"...We were then accused of making my Gramma “sleep on the floor,” and told that we were no longer allowed to take her to my Mom’s for overnight stays. Most heartbreaking was that my Gramma, who used to phone my Mom and I at least once a day, was not returning our calls. I missed hearing, “¡Ay te wacho!”
By Sarah Alvarado
"...Next came Happy Video, named by Manuel because he was so happy. The last store of their empire was Sono Video after the city of Sonora in Mexico. They hired family members to run them. Soon they were in a position to undercut any new competition and they had long since established customer loyalty. Blockbuster barely threatened them. Sonia dressed for work in a smart business skirt with a matching blazer; Manuel generally opted for a leisure suit with a jacket. They were in love with each other and partners in a lucrative business. ..."
By Fabiola Manriquez
"... Then with a gentle push, she opened the door and peeked her head into our area, calling three little girls to come to the dressing room. They were standing near me - her daughters or nieces, I think. I froze and then on impulse I followed the girls. My entire body trembled as I made my way four feet through the backstage door. And there I was -- Donna Summer, her bodyguard, and me. ..."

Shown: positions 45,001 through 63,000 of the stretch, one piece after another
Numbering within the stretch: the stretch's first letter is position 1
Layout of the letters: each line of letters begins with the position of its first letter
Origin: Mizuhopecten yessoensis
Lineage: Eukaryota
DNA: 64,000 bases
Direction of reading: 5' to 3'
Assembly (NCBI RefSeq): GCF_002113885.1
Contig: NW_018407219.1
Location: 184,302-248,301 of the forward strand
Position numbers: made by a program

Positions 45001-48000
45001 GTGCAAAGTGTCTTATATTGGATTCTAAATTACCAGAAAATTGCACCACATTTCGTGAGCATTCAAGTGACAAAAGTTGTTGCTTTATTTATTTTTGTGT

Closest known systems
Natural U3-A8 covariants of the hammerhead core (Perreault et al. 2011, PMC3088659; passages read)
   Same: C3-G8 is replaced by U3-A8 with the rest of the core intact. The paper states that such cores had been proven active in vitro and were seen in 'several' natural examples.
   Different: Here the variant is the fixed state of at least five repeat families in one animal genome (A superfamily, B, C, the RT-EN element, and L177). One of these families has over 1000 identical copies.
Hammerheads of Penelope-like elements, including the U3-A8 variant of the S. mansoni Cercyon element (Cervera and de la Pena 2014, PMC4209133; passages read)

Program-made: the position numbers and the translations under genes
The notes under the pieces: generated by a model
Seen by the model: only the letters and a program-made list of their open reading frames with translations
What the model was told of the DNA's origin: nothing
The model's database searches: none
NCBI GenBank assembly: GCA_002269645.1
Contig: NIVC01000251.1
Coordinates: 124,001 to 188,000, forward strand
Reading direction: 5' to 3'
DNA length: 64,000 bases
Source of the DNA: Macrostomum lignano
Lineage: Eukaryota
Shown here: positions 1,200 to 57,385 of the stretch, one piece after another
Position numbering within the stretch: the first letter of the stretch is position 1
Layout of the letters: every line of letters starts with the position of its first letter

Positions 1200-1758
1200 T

By Fabiola Manriquez
"... Our home was known as the Kool-Aid house, since many neighborhood kids gathered regularly to play in our backyard, eat from the various fruit trees, and enjoy a glass of Kool- Aid. We were very poor and our backyard was much larger than our humble little shack. ..."
By Olivia Segura
"... He walked up the stairs and saw men in suits rushing in and out of the glass doors. He saw, too, his own reflection – a farm boy in work clothes. He turned and headed down the stairs and found a hotel facing City Hall offering rooms for two dollars a night. He sat on the twin bed and re-counted the money saved from his work in the farmlands of California. Miguel hid most of the money in a sock and placed it in a jacket in the closet. He headed back to Broadway where he paid 35 cents for a full meal at a cafeteria called Clifton’s. He bought a navy blue suit, white shirt and tie at a shop nearby, and then headed to Plaza Olvera for a haircut and a shoeshine. ..."